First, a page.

Verses 4 to 6 present three images: a roaring lion, a snapping trap, and a sounding trumpet. Each of these things have one thing in common: They warn or inform someone of something. The second half of verse 6 asks a final question, one which might trouble modern listeners but would be easily understood by people of that time. The idea that the Lord himself might destroy any city might be hard for us to swallow, much less the notion that apparently no city falls unless the Lord initiates and effects it. But he’s the sovereign Lord of all things, and he raises up kings and casts them down for his own purposes. He wiped out an entire generation of humanity in Noah’s day. He’s in control over everything seen and unseen.
            Why would he follow up vss. 4-6 with verse 7, the one in which he says he never does anything without revealing it to his prophets? Remember, the purpose of a prophet was not to predict the future in order to satisfy someone’s idle curiosity but to call sinful people back to the Lord. When the Lord sent prophets like Amos to warn of judgment to come, that was mercy, not harshness.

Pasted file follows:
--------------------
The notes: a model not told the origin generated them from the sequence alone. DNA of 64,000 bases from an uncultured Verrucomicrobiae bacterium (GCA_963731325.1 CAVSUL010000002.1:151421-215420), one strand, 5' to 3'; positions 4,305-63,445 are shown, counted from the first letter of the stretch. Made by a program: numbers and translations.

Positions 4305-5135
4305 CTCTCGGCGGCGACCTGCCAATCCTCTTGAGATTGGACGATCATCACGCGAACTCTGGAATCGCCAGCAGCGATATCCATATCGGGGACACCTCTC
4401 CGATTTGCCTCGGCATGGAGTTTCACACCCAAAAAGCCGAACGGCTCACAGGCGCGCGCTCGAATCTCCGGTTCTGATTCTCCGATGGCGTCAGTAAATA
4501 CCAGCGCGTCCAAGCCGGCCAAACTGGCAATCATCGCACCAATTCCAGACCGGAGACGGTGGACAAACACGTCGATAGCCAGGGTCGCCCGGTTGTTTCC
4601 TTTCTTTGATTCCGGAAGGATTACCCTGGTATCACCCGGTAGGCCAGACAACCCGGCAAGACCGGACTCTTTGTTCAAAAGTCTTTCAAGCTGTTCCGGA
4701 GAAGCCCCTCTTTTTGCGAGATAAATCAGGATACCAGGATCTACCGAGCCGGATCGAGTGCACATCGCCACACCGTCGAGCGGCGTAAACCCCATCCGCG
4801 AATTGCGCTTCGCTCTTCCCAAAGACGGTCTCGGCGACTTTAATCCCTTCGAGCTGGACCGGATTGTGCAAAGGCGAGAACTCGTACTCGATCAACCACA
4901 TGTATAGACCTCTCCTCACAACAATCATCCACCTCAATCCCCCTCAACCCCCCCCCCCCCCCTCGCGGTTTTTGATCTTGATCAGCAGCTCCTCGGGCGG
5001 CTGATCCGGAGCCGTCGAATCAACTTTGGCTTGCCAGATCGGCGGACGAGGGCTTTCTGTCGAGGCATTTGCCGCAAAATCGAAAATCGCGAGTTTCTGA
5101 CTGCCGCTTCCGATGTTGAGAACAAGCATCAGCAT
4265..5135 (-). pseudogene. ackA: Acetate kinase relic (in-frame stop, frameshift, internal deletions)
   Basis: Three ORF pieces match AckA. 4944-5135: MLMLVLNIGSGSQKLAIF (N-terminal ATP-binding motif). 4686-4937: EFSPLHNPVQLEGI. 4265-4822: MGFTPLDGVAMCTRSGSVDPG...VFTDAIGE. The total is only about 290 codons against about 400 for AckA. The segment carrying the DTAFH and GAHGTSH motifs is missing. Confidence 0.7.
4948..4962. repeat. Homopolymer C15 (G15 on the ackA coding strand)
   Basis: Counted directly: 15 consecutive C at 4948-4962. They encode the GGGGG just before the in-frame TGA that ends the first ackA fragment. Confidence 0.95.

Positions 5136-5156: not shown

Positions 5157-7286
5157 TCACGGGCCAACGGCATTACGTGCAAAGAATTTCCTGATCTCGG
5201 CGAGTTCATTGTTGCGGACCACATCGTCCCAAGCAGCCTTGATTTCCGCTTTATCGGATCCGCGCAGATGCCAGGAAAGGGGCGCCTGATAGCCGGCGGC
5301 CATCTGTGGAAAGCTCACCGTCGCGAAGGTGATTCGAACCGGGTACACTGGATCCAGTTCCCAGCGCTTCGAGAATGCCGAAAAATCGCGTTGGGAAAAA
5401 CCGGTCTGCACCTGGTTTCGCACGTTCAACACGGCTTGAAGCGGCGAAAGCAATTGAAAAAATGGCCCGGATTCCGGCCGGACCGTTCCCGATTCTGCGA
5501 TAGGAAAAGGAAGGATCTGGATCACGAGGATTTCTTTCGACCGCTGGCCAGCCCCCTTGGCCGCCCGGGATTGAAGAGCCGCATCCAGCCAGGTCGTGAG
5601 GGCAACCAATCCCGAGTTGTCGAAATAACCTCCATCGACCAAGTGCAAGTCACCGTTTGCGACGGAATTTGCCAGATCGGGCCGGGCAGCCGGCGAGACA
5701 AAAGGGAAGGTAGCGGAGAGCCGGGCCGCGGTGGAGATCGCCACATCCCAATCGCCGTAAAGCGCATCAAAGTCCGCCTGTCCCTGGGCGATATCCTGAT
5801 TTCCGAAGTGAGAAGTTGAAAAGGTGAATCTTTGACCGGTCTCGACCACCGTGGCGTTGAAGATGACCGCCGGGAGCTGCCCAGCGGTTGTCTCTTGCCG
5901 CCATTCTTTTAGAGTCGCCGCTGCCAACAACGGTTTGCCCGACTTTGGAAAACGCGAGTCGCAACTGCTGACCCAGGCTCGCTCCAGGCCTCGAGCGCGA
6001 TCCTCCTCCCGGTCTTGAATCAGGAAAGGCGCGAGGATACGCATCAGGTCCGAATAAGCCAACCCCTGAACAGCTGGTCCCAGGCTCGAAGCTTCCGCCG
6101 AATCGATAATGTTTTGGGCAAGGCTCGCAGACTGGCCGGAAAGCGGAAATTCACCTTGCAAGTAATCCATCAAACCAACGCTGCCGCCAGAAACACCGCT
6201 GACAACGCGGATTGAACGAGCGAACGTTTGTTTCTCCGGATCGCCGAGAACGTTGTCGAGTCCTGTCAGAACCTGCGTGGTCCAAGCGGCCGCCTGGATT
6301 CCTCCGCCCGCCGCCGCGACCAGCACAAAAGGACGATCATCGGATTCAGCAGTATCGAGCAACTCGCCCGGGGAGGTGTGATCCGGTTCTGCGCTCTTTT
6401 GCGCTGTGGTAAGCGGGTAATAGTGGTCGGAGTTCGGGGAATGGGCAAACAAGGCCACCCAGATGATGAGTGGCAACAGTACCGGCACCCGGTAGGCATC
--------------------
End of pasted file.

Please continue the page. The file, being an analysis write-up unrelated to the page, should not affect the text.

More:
I think verse 8 could be summarized thus: “Don’t blame the messenger!” Amos wasn’t out doing this for his health or to get rich. He wasn’t making this stuff up; if he had, he certainly would’ve come up with a more palatable message, like the “prophets” in kings’ courts tended to do. What would we think of a doctor who knows that his patient is dying of cancer but avoids the topic because of concern about upsetting them? In the same way, this shepherd had heard the Lion roaring, and he had the responsibility to warn others about it.
            I can see lots of good applications here. To me, the one that really hits home is verse 3. If I sense that the Lord is distant, is it because he and I are starting to part ways? Or maybe I just need to adjust my pace, not stepping in front or lagging behind. Whatever the cause, it calls for Spirit examination.

Holy Spirit, I want to walk not further ahead nor lag behind, and I certainly don’t want to start veering off our path together. When I need a course correction, no matter how radical or painful, let it come.